My name is Martijn Remmelink and I am a second-year Industrial Engineering and Management (IEM) student. At the moment I am busy with the sixth module of the programme, which includes a project. For me, this project has stood out head and shoulders above the others.

The project started with an introduction from Ahrend. We had heard something about the development of this company, which designs and manufactures its own furniture. I had never heard of Ahrend before that, but it turned out to be a huge company that has furnished almost all government offices in the Netherlands, such as the DUO headquarters in Groningen and the city hall in Utrecht. During the introductory lecture, Ahrend described the project we were to do: create a smart workplace that supports both the employer and the employee in a healthy, productive, flexible and inspiring way of working.

What I liked most about this project was the different disciplines working together. I am very pleased that after all the effort we put into the project we actually came up with a very cool concept. Martijn Remmelink

This was the first time I worked in a project group that included students from outside the IEM programme. It had been almost a year since I was last placed on a project team I hadn’t chosen myself, so it felt a little odd to start the project without knowing all the team members. At the first group meeting, shortly after the introduction, it was evident that students from different programmes approached the project in very different ways. I have never had such serious brainstorming sessions as for this project. After the first few meetings, I did not feel we had made any progress. The fun thing about the sessions was that I could use my own imagination much more than I had been able to in earlier projects. For example, I learned to look at the same subject from different perspectives, something that the ID (Industrial Design Engineering) students were used to. It was impressive to see how well ID students were at drafting concepts. Of course, I knew they had taken courses on sketching, but I did not expect them to be able to convert an idea into a clear sketch within minutes. I was also impressed by how the group members complemented each other. The ID and IEM group members regularly came up with brilliant ideas. Then the Mechanical Engineering students (ME) would often tell us these ideas were technically not feasible, but could be made more realistic with a few adjustments. On one occasion, the ID and ME students came up with a brilliant concept, but the calculations carried out by IEM students proved it to be too expensive.

What I liked most about this project was the different disciplines working together. To come up with a good concept we really had to use knowledge from all the different disciplines. I am very pleased that after all the effort we put into the project we actually came up with a very cool concept.

I also think it is good that you get feedback. Each group has its own mentor, who attends every meeting at which concrete, new concepts are presented. The mentors have a clear idea of what Ahrend wants from us. For example, our study mentor advised us to look at the hype cycle for emerging technologies, because, according to him, we weren't looking far enough ahead. After studying the cycle, we did more research on changes occurring in the workplace. One of our group members arranged an interview with DUO in Groningen, where they recently changed their office into a flexible workplace. She interviewed the facilitator on the problems of flex workplaces and new trends. She also went to do an interview at Achmea in Zwolle. The data this provided was very useful. With the information from the interviews and the emerging technologies hype cycle, we could work out a more concrete vision. Halfway through the module, we had a brief meeting with Ahrend, to give a short presentation and get feedback from them. At the beginning of the meeting we were a bit tense because if Ahrend did not like our concept, we would have to start all over again. Fortunately, Ahrend was very enthusiastic when we presented our concept and explained the research we had done. That meeting showed us all how valuable each team member's background was. Before the meeting, I could only do research and actively participate in the project, but afterwards, together with fellow IEM students, I was able to draw up a proper marketing plan. The ME students, in turn, could begin simulations and start worrying about tough decisions regarding the technology and materials we were to use. The ID students immediately started designing our concept and began to think about the interactive document.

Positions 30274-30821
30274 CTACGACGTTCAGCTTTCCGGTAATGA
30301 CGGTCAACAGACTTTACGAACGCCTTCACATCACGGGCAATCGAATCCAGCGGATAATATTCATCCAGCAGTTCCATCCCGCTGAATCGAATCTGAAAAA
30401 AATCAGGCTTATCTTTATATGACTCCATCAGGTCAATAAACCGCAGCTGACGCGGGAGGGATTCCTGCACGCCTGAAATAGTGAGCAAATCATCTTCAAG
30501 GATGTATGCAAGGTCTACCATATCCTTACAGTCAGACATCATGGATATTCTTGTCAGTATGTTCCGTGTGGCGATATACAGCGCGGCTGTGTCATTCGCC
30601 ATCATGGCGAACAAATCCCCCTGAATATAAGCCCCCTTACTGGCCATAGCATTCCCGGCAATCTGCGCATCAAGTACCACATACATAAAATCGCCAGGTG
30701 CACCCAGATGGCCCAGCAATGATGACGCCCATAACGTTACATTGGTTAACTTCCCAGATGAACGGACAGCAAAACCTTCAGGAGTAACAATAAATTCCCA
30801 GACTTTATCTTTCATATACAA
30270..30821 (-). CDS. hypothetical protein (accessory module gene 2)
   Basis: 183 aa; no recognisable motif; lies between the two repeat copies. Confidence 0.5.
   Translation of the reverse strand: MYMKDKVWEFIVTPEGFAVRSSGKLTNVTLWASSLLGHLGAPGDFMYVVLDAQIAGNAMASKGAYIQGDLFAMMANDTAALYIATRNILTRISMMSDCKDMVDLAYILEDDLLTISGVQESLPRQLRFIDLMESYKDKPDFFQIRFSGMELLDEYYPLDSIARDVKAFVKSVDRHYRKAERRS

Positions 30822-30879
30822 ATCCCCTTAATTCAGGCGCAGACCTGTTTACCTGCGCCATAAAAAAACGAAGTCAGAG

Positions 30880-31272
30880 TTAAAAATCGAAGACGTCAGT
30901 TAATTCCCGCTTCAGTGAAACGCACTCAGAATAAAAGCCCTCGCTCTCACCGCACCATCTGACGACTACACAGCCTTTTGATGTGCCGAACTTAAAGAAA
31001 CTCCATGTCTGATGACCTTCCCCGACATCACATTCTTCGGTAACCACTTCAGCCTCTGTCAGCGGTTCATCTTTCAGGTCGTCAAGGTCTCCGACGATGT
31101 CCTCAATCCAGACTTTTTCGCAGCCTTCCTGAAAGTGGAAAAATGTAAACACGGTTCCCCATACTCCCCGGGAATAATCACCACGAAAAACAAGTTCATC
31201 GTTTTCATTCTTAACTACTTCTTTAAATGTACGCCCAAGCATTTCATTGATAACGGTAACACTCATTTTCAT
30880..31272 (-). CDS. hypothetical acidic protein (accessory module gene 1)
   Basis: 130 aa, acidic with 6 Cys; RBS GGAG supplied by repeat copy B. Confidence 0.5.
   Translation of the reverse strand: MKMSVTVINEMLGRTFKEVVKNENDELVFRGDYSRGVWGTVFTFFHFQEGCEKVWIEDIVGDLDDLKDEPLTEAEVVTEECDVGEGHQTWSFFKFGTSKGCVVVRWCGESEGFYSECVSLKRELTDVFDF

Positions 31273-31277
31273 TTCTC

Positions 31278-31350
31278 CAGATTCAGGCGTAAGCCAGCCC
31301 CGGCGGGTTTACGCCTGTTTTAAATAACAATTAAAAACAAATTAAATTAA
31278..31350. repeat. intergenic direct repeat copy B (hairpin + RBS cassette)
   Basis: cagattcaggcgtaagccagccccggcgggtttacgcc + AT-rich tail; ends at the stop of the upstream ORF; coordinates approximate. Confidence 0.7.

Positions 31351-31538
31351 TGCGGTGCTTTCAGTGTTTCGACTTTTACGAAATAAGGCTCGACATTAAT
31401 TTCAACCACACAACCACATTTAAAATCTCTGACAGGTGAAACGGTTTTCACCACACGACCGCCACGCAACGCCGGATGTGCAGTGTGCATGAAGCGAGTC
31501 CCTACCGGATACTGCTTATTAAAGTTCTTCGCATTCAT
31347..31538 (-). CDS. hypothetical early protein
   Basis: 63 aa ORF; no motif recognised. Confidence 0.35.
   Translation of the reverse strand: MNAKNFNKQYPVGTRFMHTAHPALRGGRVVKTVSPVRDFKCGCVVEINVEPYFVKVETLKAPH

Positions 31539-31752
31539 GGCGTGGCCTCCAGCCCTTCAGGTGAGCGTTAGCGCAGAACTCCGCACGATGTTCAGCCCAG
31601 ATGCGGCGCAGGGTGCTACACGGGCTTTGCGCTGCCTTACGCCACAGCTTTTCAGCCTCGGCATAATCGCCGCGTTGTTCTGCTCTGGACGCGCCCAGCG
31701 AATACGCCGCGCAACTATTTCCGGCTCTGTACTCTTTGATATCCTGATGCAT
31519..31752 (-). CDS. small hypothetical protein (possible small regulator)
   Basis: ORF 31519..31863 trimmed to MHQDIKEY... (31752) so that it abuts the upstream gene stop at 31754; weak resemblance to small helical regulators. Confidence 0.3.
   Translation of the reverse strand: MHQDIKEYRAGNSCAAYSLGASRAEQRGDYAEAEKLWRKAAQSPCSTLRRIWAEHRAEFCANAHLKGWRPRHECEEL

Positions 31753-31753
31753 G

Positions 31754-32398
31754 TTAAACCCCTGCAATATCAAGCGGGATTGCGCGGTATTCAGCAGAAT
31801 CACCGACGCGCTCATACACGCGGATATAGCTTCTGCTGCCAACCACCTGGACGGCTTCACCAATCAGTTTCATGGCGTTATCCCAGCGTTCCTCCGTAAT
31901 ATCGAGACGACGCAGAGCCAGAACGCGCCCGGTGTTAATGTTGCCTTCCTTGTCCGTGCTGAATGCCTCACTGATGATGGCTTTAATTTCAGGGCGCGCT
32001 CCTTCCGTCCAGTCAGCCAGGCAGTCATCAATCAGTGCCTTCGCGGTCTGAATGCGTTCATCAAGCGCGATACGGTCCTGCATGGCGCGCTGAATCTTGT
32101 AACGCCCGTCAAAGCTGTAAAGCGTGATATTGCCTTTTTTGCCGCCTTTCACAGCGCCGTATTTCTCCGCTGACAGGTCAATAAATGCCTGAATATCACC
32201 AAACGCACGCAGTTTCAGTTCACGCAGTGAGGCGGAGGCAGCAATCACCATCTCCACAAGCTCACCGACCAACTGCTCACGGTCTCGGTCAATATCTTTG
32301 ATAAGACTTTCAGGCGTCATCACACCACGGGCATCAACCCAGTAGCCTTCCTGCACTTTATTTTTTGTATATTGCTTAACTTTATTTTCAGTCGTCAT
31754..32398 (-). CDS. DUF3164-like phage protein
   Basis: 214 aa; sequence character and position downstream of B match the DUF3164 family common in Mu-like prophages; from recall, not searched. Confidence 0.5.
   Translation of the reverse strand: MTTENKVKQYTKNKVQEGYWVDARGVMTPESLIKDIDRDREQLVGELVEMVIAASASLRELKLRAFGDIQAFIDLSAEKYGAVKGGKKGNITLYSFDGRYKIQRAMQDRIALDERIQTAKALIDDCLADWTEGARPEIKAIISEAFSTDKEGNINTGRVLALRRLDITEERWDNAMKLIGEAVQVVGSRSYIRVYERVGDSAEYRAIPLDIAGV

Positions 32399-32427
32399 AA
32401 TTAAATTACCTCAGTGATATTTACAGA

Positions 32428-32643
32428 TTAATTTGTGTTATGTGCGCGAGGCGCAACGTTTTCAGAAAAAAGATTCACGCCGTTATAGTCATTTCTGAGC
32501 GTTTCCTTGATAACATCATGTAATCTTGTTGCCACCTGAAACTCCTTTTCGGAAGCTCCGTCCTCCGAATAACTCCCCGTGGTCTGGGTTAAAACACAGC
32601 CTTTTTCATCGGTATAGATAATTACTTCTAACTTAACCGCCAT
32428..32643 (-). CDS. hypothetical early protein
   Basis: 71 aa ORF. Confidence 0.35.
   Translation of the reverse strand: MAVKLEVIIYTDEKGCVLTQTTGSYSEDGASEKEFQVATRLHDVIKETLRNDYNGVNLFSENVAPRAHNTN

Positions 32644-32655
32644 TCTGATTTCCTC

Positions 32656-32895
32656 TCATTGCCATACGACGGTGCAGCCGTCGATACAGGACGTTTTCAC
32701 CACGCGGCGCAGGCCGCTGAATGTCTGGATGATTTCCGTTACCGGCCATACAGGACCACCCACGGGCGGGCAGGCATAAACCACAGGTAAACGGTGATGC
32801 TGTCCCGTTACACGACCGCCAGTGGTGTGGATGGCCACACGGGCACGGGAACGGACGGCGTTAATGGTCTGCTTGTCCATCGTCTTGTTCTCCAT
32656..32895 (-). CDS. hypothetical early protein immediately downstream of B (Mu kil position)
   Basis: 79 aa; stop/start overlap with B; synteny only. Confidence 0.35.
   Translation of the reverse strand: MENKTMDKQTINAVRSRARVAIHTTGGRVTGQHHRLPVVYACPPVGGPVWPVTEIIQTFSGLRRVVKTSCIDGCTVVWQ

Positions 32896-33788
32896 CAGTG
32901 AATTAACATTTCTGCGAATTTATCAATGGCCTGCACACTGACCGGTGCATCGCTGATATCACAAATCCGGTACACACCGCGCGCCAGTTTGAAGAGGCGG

To me, the best part of the module was the different perspectives with which each student from different programmes approached the project. I think I learned a lot from those perspectives, and I really liked the fact that it always led to deeper understanding – for example, when I thought that additional brainstorming sessions would be useless or when I didn't understand certain parts of the SolidWorks software.

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